Each week our intranet news channel editors provide a round up for Capgemini colleagues of the business IT news that drives and inspires us. We publish some of the highlights here.
The eighth edition of Beyond the Buzz features a shift from traditional supply chains to collaborative value networks. Check out to read corporate success stories. Nokia has launched an innovative VR camera that is designed for making 3D movies and games. It's interesting for smartphone owners to know that a candle could charge their phones. Read about the Windows 10 launch, the intuitive Amazon Echo, and finally learn how scientists have found a way to control mouse actions.
Beyond the Buzz: Customer Engagement and Operations Transformation
In the eighth edition of Beyond the Buzz we’re tackling the shift from traditional supply chains to collaborative value networks - from how the Royal Mail is putting digital at the heart of everything they do, to how Audi and DHL are bringing your packages to unexpected places. By standardizing its processes (up to the point of telling drivers how to step off delivery trucks), UPS continually improves efficiency, safety and quality. How did these organizations achieve supply-chain efficiency?
To understand in detail, read the eighth edition of Beyond the Buzz
Nokia launches virtual reality camera
Nokia announced OZO, the first commercially available virtual reality (VR) camera designed and built for professional content creators and the first in a planned portfolio of digital media solutions from Nokia Technologies, the company's advanced technology and licensing business. The spherical camera is designed for making 3D movies and games that can be watched and played with virtual reality headsets. The device, showcased at an event in Los Angeles, takes video and audio in 360 degrees with eight sensors and microphones, and is the first from Nokia's digital media solutions business -- one of its new focuses for future growth.
Catch the full news on Nokia.com
Charge your smartphone with a candle
A power outage - it's an experience all are familiar with and everyone dreads. The lights go out, the TV goes black, the computers shut down as their batteries drain. And worst of all - your smartphone dies. This scenario was one of the inspirations for Andrew Burns of California startup Stower to develop the candle charger. Its simplistic design is based on the principles of thermo-electrics, which have been around since the early 1800s. Light a candle, fill the device with water, and you have a charger.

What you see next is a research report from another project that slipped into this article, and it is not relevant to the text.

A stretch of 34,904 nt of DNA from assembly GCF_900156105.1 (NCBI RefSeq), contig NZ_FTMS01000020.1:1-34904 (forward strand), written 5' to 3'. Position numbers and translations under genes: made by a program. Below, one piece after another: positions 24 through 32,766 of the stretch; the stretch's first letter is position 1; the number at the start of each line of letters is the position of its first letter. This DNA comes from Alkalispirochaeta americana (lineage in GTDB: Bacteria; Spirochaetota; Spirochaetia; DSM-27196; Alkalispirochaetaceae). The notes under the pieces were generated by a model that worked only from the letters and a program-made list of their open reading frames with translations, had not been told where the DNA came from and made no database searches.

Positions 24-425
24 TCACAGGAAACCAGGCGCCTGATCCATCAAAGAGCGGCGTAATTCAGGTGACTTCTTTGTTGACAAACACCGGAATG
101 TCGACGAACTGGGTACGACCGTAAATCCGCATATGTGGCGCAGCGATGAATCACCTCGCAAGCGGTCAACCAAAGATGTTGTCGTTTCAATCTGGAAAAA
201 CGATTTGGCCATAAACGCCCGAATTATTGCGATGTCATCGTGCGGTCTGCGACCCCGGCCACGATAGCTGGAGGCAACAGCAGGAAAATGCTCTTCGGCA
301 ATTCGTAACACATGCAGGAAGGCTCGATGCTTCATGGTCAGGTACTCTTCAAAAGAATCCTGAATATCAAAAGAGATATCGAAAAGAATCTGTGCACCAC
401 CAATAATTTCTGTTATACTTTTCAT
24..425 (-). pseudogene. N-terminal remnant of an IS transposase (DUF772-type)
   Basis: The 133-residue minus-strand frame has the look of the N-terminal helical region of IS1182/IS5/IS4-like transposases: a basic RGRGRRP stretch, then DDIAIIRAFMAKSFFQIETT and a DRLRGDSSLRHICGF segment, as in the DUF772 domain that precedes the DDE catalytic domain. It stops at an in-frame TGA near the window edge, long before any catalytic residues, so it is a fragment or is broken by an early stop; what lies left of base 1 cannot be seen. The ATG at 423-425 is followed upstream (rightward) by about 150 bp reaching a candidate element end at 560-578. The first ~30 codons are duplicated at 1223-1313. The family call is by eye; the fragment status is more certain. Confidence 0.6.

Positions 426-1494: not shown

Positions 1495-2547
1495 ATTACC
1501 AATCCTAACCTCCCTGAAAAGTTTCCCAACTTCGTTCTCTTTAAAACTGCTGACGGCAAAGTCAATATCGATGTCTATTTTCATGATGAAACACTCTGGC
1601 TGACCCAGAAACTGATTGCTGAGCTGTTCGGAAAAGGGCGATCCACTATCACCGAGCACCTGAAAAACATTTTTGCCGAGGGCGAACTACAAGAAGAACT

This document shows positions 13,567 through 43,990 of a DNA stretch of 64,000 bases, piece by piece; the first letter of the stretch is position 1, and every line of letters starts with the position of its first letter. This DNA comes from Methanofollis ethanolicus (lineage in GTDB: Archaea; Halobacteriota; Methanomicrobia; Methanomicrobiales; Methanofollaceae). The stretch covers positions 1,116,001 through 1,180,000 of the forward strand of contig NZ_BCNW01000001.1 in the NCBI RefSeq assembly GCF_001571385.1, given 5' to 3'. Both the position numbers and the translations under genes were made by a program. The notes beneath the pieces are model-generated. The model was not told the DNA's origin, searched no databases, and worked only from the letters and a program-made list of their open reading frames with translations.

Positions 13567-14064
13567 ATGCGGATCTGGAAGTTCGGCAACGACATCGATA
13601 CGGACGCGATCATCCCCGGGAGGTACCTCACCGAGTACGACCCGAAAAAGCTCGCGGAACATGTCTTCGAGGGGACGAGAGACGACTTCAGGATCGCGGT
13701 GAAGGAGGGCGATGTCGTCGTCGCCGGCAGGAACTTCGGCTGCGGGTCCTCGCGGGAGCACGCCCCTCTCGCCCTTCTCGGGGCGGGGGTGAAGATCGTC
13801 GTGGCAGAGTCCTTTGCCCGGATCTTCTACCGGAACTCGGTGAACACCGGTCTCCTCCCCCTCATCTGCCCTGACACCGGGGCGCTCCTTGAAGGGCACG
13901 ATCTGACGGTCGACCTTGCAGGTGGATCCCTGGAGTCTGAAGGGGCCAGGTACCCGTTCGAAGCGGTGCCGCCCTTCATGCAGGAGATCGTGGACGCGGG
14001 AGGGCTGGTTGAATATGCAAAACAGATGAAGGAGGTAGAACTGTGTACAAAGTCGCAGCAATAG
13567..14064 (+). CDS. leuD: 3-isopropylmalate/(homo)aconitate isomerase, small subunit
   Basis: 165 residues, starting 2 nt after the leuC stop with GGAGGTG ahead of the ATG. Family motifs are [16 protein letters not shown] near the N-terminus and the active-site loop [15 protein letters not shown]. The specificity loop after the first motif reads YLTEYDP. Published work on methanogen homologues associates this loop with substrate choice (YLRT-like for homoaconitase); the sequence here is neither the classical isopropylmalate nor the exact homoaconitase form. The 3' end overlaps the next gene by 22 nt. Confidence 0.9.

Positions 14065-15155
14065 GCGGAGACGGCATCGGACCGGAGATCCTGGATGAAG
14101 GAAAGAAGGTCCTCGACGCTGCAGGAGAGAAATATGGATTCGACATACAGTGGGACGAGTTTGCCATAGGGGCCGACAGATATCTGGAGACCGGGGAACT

Watch this interesting video on Reuters
Windows 10 is finally out
Microsoft launched its much-awaited Windows 10 operating system at midnight on Wednesday. Windows 10, which comes almost three years after the launch of the company's last operating system, will be available as a free upgrade in 190 countries for users of Windows 7, Windows 8.1 and Windows Phone 8.1 operating systems. The new operating system is designed to work across laptops, desktop and smartphones.
Check out Windows 10 features on Microsoft.com
Amazon Echo manages your house
The Amazon Echo is like a standalone Siri that sits on your coffee or kitchen table. It looks like a roll of paper towels. It represents an extremely promising future. That future would look something like this: Every day when you come home from work, the Echo (or something like it) will tell you when the postman came by, how many times your heat or air conditioning turned on, and whether or not your kids finished the milk in the fridge. Essentially, the Echo is a piece of home decor or furniture you can talk to.
CNN Tech carries the detailed report
Scientists control mouse brain with remote control
Scientists have successfully altered the neural networks of laboratory mice using a wireless controller; allowing them to study the effects of neural stimulation without invasive procedures and without test subjects tethered by wires. The tiny implant, smaller than the width of a human hair, lets the scientists determine the path a mouse walks using a remote control to inject drugs and shine lights on neurons inside the brain. Neuroscientists have until now been limited to injecting drugs through larger tubes and delivering photostimulation through fiber-optic cables, both of which require surgery that can damage the brain and restrict an animal's natural movements.
Watch the intuitive video on Reuters
The highlights from our Weekly Techno Briefs above do not necessarily represent the view of Capgemini Group.